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Tampa Golf Course Neighbors Protest Fumigation

Protestors outside the Tampa Sports Authority's headquarters at Raymond James Stadium
Steve Newborn
The Florida Channel
Leon County Judge John Cooper on June 30, 2022, in a screen grab from The Florida Channel.

A handful of residents living near the Tampa Sports Authority's Babe Zaharias golf course are protestingthe application of the fumigant "Curfew," which is set for Tuesday, May 9. They say the insecticide, which is being used to control nematodes, can be harmful to people and animals. 

It's injected below the turf and becomes a gas that rises. The manufacturer's label calls for a 30-foot buffer zone. But Kevin Murdock, who lives alongside the Forest Hills golf course, said winds will likely spread the fumes.

"It's highly probable that's going to go much further than 30 feet, end up in people's houses," he said. "Many of these houses are older, so they're not weather tight. We're worried about sleeping in these houses at night, with these toxic fumes floating around."

The federal EPA lists Curfew's active ingredient as a "probable carcinogen," meaning it's likely to cause harm if inhaled. The active ingredient in Curfew, a soil fumigant, is 1,3-dichloropropene. Curfew's warning label says its vapors can cause kidney, lung and liver damage and death if inhaled.

Curfew's active ingredient has been sold for use on farms since 1975. Dow won approval to sell Curfew for use on golf courses and sports fields in Florida in 2001. At the time, the label required a 100-foot buffer from homes and other occupied buildings. Last year, Dow asked for and received approval from the Florida Department of Agriculture to reduce the buffer zone to 30 feet.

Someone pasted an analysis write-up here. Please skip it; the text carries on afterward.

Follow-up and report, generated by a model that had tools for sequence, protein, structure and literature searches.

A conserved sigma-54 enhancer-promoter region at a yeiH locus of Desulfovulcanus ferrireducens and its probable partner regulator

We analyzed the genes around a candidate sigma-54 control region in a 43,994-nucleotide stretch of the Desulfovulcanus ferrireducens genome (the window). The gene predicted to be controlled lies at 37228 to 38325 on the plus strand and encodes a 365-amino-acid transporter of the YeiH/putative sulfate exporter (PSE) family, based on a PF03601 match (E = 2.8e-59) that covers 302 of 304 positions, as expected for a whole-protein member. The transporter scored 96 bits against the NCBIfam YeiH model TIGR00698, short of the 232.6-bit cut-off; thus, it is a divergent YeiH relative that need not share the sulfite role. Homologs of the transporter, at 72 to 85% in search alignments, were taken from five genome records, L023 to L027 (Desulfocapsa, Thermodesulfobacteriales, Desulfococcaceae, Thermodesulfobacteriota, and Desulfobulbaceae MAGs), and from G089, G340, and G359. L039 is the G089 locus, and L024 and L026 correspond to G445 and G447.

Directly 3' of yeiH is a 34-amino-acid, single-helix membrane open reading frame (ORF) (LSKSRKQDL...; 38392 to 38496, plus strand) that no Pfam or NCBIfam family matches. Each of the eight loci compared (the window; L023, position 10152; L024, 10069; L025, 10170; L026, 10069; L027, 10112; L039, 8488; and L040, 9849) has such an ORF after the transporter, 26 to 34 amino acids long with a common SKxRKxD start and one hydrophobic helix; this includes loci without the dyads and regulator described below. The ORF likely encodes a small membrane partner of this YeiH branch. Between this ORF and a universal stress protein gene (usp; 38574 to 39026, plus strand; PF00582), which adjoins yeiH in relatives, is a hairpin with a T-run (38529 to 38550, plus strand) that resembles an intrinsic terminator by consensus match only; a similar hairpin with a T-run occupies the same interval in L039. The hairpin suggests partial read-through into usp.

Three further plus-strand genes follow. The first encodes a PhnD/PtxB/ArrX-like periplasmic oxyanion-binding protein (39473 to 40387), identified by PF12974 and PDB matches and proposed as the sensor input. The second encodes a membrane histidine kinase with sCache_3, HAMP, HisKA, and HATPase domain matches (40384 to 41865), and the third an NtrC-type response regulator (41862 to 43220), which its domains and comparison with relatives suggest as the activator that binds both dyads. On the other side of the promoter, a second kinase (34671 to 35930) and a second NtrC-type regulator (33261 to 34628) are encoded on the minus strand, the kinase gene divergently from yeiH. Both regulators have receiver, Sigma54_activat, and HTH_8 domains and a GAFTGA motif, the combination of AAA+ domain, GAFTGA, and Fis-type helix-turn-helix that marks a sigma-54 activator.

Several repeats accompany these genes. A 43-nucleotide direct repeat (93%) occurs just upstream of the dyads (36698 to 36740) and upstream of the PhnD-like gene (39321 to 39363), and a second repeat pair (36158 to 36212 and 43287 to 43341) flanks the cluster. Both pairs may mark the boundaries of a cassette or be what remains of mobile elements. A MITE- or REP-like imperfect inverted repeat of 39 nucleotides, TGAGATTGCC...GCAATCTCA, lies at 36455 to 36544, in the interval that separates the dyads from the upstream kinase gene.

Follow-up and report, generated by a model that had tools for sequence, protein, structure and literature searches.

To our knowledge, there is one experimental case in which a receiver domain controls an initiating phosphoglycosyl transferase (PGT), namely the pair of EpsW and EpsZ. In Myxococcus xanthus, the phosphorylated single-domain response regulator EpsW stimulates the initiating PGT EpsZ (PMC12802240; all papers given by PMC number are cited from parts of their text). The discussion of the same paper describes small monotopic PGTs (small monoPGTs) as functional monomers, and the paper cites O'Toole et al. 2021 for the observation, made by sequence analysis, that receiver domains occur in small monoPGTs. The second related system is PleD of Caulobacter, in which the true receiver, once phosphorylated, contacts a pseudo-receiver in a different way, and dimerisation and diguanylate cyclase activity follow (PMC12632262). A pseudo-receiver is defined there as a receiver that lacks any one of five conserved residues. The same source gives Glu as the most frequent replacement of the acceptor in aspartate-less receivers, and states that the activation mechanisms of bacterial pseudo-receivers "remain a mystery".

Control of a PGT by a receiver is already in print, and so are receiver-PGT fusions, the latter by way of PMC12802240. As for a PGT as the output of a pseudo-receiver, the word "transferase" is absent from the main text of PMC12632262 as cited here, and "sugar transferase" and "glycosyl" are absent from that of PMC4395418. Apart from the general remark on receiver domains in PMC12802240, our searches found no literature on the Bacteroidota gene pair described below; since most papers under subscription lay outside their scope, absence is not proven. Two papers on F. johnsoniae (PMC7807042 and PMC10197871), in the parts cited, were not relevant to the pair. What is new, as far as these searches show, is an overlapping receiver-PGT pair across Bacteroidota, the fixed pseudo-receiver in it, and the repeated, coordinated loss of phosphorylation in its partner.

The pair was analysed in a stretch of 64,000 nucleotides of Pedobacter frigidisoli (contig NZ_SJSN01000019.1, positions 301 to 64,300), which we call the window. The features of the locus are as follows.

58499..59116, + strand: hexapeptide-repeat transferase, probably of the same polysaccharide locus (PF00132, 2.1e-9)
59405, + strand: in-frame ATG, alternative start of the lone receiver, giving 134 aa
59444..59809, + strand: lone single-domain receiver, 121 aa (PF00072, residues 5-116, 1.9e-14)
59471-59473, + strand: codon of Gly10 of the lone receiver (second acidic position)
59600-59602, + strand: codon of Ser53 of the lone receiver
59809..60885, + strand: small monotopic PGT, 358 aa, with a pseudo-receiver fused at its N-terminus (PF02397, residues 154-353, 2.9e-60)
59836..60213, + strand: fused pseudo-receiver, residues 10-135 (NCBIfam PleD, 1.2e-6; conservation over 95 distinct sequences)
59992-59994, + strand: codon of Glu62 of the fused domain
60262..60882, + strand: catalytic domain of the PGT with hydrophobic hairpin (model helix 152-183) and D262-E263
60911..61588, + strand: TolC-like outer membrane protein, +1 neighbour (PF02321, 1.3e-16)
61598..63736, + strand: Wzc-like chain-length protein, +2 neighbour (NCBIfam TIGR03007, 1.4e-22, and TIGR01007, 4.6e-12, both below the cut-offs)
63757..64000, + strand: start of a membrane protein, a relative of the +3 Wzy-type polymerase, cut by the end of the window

The Tampa Sports Authority released a statement saying that when Curfew is applied in accordance with the label, it should not “pose any unreasonable risks to human safety or the environment."

The "sample canister" that will be placed on the golf course
Credit Tampa Sports Authority photo
The Florida Channel
The "sample canister" that will be placed on the golf course

They say the Hillsborough Environmental Protection Commission will "take a sample canister of the air and report back the results, if requested."

Here's a statement from the authority:

Curfew, a registered product approved for use throughout the State of Florida by the Florida Department of Agriculture and Consumer Services (FDACS) and the United States Environment Protection Agency (EPA). It will be applied by a FDACS’ licensed applicator at Babe Zaharias Golf Course on May 9, 2017.

According to the Hillsborough County Environmental Protection Commission presention Thursday at Tampa City Council, FDACS states that when Curfew is applied in accordance with the label, by an FDACS’ licensed applicator, it should not “pose any unreasonable risks to human safety or the environment.” The Tampa Sports Authority has managed Babe Zaharias Golf Course since 1974 and has always strived to make it one of the top courses in the Tampa Bay area. As has always been our practice, we will continue to communicate with the Neighborhood Association, as we proudly manage this community asset.


Copyright 2017 WUSF Public Media - WUSF 89.7

Steve Newborn is WUSF's assistant news director as well as a reporter and producer at WUSF covering environmental issues and politics in the Tampa Bay area.